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Formatting text using JavaScript

To help format text programmatically, JavaScript exposes several default methods and a single property for which the String object commands, and all of which any text-containing variable can directly access. The below table lists them:

Formatting related properties & methods of the String object

Property Description
length Returns the total number of characters of a string.
Methods Description
anchor(name) Returns the string with the tag <A name="name"> surrounding it.
big() Returns the string with the tag <BIG> surrounding it.
blink() Returns the string with the tag <BLINK> surrounding it.
bold() Returns the string with the tag <B> surrounding it.
fixed() Returns the string with the tag <TT> surrounding it.
fontcolor(color) Returns the string with the tag <FONT color="color"> surrounding it. .
fontsize(size) Returns the string with the tag <FONT size="size"> surrounding it.
italics() Returns the string with the tag <I> surrounding it.
link(url) Returns the string with the tag <A href="url"> surrounding it.
small() Returns the string with the tag <SMALL> surrounding it.
strike() Returns the string with the tag <STRIKE> surrounding it.
sub() Returns the string with the tag <SUB> surrounding it.
sup() Returns the string with the tag <SUP> surrounding it.
toLowerCase() Returns the string with all of its characters converted to lowercase.
toUpperCase() Returns the string with all of its characters converted to uppercase.

Using the above with any string variable is simple enough- start with the variable, then dot (.), then the property/method in question to call it. Let's see this in action:

<script type="text/javascript">
//alerts the length of a string
var sitename="JavaScript Kit"
//alerts 19
alert(sitename.length)
</script>

As soon as variable "sitename" contains text, it becomes more than just a mere container, but an instance of the String object, with access to all of it's goodies. And lots of goodies there are!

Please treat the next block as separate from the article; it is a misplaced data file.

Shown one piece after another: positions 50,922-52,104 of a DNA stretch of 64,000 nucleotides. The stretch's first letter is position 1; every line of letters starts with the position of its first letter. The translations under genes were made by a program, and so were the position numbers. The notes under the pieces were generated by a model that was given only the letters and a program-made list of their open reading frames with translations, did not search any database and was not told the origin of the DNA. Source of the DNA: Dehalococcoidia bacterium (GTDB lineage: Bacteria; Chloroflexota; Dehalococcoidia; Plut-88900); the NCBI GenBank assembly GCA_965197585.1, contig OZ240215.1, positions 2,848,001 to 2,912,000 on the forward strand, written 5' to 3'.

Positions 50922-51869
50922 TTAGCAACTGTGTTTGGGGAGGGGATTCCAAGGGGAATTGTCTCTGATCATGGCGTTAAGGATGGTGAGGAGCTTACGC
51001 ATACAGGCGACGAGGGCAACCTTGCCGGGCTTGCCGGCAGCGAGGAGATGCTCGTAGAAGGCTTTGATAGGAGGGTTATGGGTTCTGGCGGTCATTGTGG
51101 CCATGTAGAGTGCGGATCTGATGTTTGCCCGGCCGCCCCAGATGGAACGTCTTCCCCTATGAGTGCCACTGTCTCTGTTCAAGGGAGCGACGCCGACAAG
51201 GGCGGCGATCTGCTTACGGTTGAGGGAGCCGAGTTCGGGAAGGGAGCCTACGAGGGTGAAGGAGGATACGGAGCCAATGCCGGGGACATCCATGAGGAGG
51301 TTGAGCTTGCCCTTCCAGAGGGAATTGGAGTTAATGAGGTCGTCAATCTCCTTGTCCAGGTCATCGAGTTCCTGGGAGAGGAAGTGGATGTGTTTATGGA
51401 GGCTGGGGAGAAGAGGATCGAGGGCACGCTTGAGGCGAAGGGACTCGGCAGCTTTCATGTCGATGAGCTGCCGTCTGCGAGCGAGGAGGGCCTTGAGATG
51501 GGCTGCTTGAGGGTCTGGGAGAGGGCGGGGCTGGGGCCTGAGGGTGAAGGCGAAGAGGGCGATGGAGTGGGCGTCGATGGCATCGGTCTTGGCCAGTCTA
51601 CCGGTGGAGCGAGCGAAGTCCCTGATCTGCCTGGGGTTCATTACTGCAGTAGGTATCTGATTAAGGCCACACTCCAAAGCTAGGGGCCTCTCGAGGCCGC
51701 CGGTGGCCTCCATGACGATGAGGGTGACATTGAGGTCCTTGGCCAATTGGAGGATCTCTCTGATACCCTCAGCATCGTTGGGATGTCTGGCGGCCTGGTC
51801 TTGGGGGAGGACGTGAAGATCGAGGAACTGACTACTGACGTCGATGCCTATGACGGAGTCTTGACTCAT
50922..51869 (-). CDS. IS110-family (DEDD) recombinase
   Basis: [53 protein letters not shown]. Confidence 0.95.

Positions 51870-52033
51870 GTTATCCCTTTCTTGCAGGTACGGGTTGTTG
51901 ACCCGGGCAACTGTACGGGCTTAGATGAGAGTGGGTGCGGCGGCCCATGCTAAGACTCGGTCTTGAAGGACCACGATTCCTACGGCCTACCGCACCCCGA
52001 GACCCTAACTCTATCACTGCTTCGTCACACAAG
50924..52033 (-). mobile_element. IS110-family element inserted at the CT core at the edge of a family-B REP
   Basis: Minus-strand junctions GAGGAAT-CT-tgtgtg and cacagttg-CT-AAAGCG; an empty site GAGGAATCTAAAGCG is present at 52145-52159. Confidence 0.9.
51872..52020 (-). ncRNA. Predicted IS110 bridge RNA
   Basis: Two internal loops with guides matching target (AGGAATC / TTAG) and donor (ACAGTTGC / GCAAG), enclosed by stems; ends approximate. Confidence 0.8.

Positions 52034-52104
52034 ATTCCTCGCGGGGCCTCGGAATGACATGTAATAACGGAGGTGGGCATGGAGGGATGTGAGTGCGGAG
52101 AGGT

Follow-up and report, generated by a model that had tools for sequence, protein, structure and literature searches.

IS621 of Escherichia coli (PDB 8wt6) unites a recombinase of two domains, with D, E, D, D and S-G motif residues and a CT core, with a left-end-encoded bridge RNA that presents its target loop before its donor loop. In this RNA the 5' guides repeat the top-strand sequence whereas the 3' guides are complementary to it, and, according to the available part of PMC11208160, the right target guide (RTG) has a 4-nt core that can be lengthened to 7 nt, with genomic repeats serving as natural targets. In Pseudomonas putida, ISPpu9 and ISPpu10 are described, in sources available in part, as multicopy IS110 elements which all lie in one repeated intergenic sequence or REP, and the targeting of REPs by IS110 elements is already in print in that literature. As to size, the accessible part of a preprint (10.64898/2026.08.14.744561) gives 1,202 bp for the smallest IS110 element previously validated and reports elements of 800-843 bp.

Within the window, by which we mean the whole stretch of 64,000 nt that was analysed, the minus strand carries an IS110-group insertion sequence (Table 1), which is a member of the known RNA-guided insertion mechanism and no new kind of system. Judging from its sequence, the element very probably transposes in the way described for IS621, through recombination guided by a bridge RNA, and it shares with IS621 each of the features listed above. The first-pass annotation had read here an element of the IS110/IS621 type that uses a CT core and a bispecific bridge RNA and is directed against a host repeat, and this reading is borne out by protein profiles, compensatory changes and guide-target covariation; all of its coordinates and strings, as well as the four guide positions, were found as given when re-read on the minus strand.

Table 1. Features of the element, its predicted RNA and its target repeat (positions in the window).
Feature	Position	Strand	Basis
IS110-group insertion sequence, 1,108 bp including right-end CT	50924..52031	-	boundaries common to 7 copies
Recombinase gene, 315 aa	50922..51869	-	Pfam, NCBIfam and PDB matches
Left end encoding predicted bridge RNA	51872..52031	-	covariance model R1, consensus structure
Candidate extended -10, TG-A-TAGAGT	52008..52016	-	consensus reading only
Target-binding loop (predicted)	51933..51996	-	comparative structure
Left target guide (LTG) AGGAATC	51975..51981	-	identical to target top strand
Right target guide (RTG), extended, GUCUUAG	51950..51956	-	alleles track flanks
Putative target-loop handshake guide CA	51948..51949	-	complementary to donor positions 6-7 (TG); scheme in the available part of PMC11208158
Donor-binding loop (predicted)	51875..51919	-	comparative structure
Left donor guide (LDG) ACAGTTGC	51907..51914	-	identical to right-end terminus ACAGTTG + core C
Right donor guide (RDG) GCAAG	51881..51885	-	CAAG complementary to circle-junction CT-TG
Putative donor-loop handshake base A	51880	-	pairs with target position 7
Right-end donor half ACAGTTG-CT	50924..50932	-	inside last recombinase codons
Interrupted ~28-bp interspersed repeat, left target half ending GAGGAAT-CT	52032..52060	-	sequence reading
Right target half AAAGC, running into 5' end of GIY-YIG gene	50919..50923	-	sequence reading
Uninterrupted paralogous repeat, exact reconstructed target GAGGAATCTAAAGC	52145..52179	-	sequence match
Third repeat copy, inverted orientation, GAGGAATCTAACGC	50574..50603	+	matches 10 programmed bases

The syntax to using the object's methods is exactly the same. Take a look at the following, which builds up a "normal" looking text into something not, illustrating the use of these methods along the way:

var message="Welcome to our site!"
document.write(message)

Output:
Welcome to our site!

var message="Welcome to our site!"
document.write(message.toUpperCase())

Output:
WELCOME TO OUR SITE!

var message="Welcome to our site!"
document.write(message.toUpperCase().bold())

Output:
WELCOME TO OUR SITE!

var message="Welcome to our site!"
var format=message.toUpperCase()
var size=1
//go through the message, letter by letter
for (i=0;i<message.length;i++){
document.write(format.charAt(i).fontsize(size).bold())
if (size<7)
size++
else
size=1
}

Output:

Starting to think a little differently about the usability of these String methods, are we?

Two points worth mentioning in the above. First off, notice how it is legal to append the calling of multiple methods into one line:

message.toUpperCase().bold()

Also, it's important to realize just what really goes on when we apply String methods to a piece of text- the appropriate tags simply get enclosed around it. For example, if we were to call String.bold() on "Hello", the result would be "<b>Hello</b>"...there's nothing magical that happens beyond that.With that in mind, take a look at the below, and see if you can tell why the produced text looks dramatically different than the above "ascending font size" example":

var message="Welcome to our site!"
var format=message.toUpperCase().bold()
var size=1
//go through the message, letter by letter
for (i=0;i<format.length;i++){
document.write(format.charAt(i).fontsize(size))
if (size<7)
size++
else
size=1
}

Output:

Since String.bold() is applied to the message before any other, and the result stored in variable "format", the manipulation that follows modifies also the literal string "<b></b>", as seen in the output.

Ok, and with that we come to the end of this tutorial. As mentioned, the methods just seen represent only a subset of all of that String supports. In Part 2 of "Strings in JavaScript", I'll examine the ones dealing with the dissecting/ searching, and manipulating of text.

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